Coalition force Reaper unit deploys to Joint Base Balad

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A coalition force comprising experts from the U.S. Air Force and Royal Air Force deployed to Joint Base Balad (Iraq) recently to sustain operations for the world’s most lethal unmanned aircraft system.

An MQ-9 Reaper aircraft maintenance unit, attached to the 46th Expeditionary Reconnaissance and Attack Squadron, melds airframe maintenance expertise with satellite communications system technical capability and brings American and British Airmen together to accomplish the Reaper’s persistent strike mission, said Capt. Antonio Camacho, the Reaper AMU officer in charge.

“It’s a very unique program,” said Captain Camacho, whose unit is deployed from the 432nd Expeditionary Aircraft Maintenance Squadron at Creech Air Force Base, Nev. “Some people see our system as remote control, but it’s not.”

The Reaper AMU took over maintaining the UAS from General Atomics, which produces the Reaper for the U.S. Air Force and Royal Air Force. Battlespace Flight Services maintains MQ-1 Predators stationed at Joint Base Balad.

Reaper and Predator systems consist of four main components: the aircraft, the satellite uplink, the local ground control station and the remote ground control station at Creech AFB, said Royal Air Force Chief Technician Gary Smith, NCO in charge of the Reaper AMU.

“All that is one system, and all of the system has to work to enable the aircraft to take off,” said RAF Chief Technician Smith, a native of Lincoln, England, who is deployed from Creech. “Unlike an F-16 (Fighting Falcon) AMU, which will look after just the aircraft, we look after the whole system. We become system managers rather than aircraft managers: it’s a worldwide system, and all of those pieces have to work.”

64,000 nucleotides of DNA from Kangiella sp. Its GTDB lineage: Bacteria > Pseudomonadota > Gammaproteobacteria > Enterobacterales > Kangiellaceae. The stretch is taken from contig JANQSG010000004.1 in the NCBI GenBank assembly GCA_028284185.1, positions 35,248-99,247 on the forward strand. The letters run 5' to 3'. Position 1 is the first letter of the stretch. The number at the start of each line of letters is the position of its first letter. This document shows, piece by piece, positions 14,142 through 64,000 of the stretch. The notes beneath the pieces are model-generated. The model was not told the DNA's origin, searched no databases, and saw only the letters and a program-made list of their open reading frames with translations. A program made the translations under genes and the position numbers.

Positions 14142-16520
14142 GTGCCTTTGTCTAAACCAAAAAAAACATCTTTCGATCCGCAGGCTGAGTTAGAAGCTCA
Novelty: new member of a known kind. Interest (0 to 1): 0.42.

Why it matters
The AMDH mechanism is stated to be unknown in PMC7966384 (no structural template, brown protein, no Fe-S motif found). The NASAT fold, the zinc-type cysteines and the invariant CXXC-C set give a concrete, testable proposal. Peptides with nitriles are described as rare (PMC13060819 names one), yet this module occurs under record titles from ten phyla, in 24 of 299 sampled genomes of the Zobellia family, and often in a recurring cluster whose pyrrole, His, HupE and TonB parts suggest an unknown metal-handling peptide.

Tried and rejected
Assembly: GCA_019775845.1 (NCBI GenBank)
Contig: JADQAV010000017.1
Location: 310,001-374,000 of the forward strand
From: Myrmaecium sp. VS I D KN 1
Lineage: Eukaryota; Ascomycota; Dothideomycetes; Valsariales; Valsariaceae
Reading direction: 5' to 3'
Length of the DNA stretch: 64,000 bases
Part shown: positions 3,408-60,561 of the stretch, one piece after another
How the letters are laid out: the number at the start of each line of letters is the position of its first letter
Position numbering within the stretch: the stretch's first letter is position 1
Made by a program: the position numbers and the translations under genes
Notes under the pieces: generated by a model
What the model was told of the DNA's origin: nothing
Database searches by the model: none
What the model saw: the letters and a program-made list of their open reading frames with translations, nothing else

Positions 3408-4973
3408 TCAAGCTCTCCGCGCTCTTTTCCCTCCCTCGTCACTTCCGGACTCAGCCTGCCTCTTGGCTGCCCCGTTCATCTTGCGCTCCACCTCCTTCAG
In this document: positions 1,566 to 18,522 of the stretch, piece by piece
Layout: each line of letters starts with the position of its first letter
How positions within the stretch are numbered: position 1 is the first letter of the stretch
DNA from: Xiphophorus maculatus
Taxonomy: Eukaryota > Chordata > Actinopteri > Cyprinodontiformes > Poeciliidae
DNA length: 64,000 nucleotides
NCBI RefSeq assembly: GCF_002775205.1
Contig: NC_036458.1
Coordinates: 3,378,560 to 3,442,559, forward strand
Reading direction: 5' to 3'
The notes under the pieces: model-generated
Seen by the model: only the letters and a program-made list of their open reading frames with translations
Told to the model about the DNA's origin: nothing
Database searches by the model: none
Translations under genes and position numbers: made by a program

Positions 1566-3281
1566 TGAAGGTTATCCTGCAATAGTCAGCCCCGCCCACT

The major differences between the Reaper and Predator systems lie in the airframe, said Captain Camacho, a native of San Juan, Puerto Rico. The Reaper flies faster and higher than the Predator and carries more than twice as much ordnance. However, the background systems that support the aircraft are the same. Staff Sgt. Kevin Wulf, a communications maintenance technician with the Reaper AMU, is responsible for those background systems.

“I work on everything outside of the aircraft: pilot and sensor operation, everything that controls the aircraft and all the equipment that commands it — both the line-of-sight antenna link and the satellite communications link,” said Sergeant Wulf, a native of Spokane, Wash.

UAS pilots and sensor operators use both commercial satellite systems and military satellites such as the Air Force’s Wideband Global SATCOM system to control Reapers and Predators, Sergeant Wulf said. Maintaining that link means overcoming environmental challenges.

“Being out in the desert, we get a lot of dust in the equipment, which can cause critical systems to fail,” he said.

Overall, however, the experience has proven helpful both for American Airmen and their British counterparts.

“Our engineers are embedded in the AMU,” said RAF Chief Technician Smith, who accepted a one-year extension of his tour at Creech so he could help the AMU deploy here. “There’s no difference — it’s not, ‘I’m Royal Air Force, he’s U.S. Air Force.’ We’re totally embedded in the unit. Because of that, we pass ideas to one another, and I think the unit’s far better for it.”

The sharing of ideas has improved maintenance operations in general, Captain Camacho said.

“It provides a different perspective,” he said. “It’s like going into a brand-new unit: you see everything differently.”

The blend of American and British Airmen has provided some unintended benefits as well, RAF Chief Technician Smith said.

“They watch our soccer, and we watch their American football,” he said. “And I’ve got them drinking tea. How many tea bags have we gone through since we’ve been here? Hundreds — we have to have a constant resupply of them. The cultural differences have melded together, and we’ve got a kind of unique culture within our unit because of the mixture.”

Don Branum 

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